Emissions up when wastewater plant catch cold

Autumn is here, and the season for colds and flu has arrived when viruses spread through schools, workplaces, and public spaces. But it’s not only humans that can catch a cold. A recently published paper shows that bacteria in wastewater treatment plants can also catch a cold.

Autumn is here, and the season for colds and flu has arrived. But it’s not only humans that can catch a cold. A recently published paper shows that bacteria in wastewater treatment plants can also catch a cold.

​In wastewater treatment plants, the work is often done by bacteria. They carry out biological processes to break down the pollutants and purify the water. Like bacteria, viruses are everywhere around us, and the fact is that viruses can infect bacteria just like other living things. Oskar Modin, Professor at the Water Environment Technology Division, Department of Architecture and Civil Engineering, has tested the thesis that a wastewater treatment plant can catch a cold.

“A large treatment plant has billions of bacteria that work in a treatment process called activated sludge. The bacterial communities are constantly exposed to viruses that infect them. We asked ourselves whether the process can periodically be more exposed and what happens then,” said Modin.

Connection between virus and emissions in wastewater treatment plants

They measured the concentration of virus particles released from four different wastewater treatment plants in Sweden. The researchers compared it with how much organic carbon was released simultaneously.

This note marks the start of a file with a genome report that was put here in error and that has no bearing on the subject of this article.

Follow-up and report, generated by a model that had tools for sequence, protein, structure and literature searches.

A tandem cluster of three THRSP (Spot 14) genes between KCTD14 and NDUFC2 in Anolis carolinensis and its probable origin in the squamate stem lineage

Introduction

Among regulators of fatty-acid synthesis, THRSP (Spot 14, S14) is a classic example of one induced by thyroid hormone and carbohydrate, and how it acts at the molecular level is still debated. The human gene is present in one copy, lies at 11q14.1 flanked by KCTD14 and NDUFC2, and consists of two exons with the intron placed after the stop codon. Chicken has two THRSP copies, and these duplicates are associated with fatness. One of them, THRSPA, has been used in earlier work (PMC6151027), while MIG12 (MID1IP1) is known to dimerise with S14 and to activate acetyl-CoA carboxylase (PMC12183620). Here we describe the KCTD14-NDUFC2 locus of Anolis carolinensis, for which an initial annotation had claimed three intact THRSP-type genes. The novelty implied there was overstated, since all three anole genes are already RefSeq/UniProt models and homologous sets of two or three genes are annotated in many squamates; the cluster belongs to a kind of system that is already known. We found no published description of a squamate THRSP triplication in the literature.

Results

“When they measured virus particles in the water, we found a connection between viruses and organic carbon. When there were more viruses, there was also more organic carbon in the outgoing water,” said Modin.

Important to control the biological processes in wastewater treatment plants

Removal of dissolved organic carbon from wastewater is essential as it would otherwise lead to increased oxygen consumption where the purified water is discharged, affecting the aquatic environment nearby. The fact that the treatment plant’s smallest workers can catch a cold and, as a result, perform worse is essential to investigate further. Not least to prevent or relieve the symptoms and thereby maximise the effectiveness of the bacteria. But tea with honey or home remedies with ginger and lemon won’t do when it comes to bacteria.

“Viruses often specialise in a specific species, meaning that the same virus cannot infect humans and bacteria. One possible way to influence the number of viruses in treatment plants could be to adjust how the treatment plant operates. We saw differences between the treatment plants in the study. We believe may be related to the design or control of the biological treatment processes,” said Modin.

Researchers do not yet know exactly how the cold manifests itself in the bacteria and to what extent the virus affects the purification processes. Oskar and his colleagues continue to investigate the question in other systems where viruses and bacteria interact and hope to look at a more extended period and whether season, temperature and other factors have any significance.

About the research

The paper “A relationship between phages and organic carbon in wastewater treatment plant effluents” was published in Water Research X in August 2022 and written by Oskar Modin, Nafis Fuad, Marie Abadikhah, David l’Ons, Elin Ossiansson, David J. I. Gustavsson, Ellen Edefell, Carolina Suarez, Frank Persson, Britt-Marie Wilén.  The researchers are based at Chalmers and Lund University.

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